Talking to school girls about reproductive health: an experience in Alexandria

Dear Members,

Dr. Sara Ahmed Hanafy, Research Program Officer in Alexandria Regional Centre for Women’s Health and Development is sharing with us her article on reproductive health education for school girl in Alexandria. Click on this link to download it:

“Minding the gap in Alexandria. Talking to girls in schools about reproductive health.”, Population Reference Bureau, February 2012- English.

“Minding the gap in Alexandria. Talking to girls in schools about reproductive health.”, Population Reference Bureau, February 2012 – Arabic.

“Reproductive health (RH) is one of the cornerstones of an individual’s health and well-being, and an important component of a country’s human social development. Universal access to reproductive health services is a target under the Millennium Development Goals, reflecting international consensus that RH issues are linked to development, social justice, human rights, and gender equality.  Limited access to RH information among female adolescents can increase their vulnerability to health problems. Therefore, it is important to provide them with accurate and age-appropriate information.”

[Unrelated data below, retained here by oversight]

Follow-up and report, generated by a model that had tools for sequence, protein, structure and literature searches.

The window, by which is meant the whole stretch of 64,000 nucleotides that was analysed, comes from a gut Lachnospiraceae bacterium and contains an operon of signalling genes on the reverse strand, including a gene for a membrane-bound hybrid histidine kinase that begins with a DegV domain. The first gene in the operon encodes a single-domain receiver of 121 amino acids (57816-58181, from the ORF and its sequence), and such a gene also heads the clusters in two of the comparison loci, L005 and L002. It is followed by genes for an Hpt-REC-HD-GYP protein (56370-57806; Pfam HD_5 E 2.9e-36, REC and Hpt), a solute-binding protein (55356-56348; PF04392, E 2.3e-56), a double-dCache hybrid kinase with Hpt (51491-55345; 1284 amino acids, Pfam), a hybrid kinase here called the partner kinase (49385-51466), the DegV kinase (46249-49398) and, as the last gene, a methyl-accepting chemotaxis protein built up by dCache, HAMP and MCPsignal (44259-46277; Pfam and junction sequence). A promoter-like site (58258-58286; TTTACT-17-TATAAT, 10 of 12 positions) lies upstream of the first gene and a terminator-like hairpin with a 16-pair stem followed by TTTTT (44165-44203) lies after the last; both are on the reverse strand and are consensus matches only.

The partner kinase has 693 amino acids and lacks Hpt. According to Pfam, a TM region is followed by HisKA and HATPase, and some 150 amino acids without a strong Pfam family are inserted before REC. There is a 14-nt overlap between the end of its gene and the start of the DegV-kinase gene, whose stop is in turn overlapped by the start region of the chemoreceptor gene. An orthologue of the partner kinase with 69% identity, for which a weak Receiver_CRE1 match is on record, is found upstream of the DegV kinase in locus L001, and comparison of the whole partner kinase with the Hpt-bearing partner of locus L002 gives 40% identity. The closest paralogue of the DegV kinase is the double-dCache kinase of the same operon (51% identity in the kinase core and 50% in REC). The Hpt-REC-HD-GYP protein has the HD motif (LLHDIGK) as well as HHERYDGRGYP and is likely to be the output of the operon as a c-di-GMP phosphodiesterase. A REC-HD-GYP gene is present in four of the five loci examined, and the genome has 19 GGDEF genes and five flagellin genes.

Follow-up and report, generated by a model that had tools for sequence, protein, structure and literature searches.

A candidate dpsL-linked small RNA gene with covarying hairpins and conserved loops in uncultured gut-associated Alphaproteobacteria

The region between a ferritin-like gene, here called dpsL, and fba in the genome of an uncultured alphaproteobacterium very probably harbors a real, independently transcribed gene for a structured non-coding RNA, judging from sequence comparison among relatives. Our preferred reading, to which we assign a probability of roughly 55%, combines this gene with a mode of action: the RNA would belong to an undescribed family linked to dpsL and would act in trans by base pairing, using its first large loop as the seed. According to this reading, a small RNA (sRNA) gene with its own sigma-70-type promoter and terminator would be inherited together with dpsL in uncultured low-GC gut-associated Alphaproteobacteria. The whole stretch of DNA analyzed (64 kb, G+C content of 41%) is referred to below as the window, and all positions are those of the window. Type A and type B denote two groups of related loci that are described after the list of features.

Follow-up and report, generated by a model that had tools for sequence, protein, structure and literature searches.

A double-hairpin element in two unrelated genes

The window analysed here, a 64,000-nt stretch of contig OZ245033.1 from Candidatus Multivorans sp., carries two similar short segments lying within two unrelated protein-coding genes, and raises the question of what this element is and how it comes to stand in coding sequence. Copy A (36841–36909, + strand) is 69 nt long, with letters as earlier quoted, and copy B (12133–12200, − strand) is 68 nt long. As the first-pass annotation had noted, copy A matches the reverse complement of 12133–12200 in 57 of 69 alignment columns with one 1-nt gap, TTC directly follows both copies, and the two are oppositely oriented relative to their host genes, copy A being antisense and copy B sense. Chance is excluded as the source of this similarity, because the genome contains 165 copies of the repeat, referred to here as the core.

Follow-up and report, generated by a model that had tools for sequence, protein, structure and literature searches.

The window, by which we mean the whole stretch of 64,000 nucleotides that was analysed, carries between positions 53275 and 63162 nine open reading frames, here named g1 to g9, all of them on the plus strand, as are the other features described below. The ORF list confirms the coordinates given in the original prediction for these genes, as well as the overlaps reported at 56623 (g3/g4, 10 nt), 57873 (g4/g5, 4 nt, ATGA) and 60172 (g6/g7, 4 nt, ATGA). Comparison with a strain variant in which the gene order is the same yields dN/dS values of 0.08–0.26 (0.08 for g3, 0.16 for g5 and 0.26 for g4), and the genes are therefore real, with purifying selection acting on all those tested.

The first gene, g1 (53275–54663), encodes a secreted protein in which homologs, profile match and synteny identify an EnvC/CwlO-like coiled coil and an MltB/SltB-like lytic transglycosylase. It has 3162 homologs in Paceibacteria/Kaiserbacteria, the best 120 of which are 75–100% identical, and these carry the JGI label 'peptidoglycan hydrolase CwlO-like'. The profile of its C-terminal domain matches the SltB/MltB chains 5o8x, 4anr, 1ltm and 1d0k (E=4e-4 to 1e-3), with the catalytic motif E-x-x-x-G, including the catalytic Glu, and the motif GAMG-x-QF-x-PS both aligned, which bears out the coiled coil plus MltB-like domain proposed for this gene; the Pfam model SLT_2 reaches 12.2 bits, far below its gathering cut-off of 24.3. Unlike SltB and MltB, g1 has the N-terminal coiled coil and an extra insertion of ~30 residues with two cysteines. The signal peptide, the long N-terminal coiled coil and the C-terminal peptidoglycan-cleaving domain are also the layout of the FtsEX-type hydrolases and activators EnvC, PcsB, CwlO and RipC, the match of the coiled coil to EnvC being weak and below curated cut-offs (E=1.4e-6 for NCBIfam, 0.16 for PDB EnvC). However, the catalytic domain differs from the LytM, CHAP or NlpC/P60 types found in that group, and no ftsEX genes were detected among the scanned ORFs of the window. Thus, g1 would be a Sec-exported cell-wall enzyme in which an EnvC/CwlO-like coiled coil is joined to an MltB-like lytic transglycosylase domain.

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This entry was posted in Awareness raising and advocacy, Reproductive Health Education. Bookmark the permalink.

4 Responses to Talking to school girls about reproductive health: an experience in Alexandria

  1. Dr. Ihab El Ayouty says:

    I think we also need to address the boys as well, as both genders need to know more about this issue sientificaly

  2. D. Amal Mokhtar says:

    It is very important subject , we must interest to give young girls right knowledge instead there achieve it from wrong ways like friends, non specialized channels, even parents canno’t talks with their daughters in this critical point especially in Arabian countries.

  3. I think one of the main challenges are the contradicting messages adolescents receive from different sources. Parents gave very conservative and limited information. Peers give imaginary almost completely exaggerated image of sex and sexual behaviors. Religious scholars depend highly on the emotions and bringing up fear than working on a consistent understandable logical message. Last but not the least, the internet and the ‘adult’ sites and videos widely shared give an extreme image that do not necessarily exist in real life, at least in terms of the figure of the sex partner.
    We need to work on a unified consistent message that addresses and respects the physical and intellectual needs of the youth.

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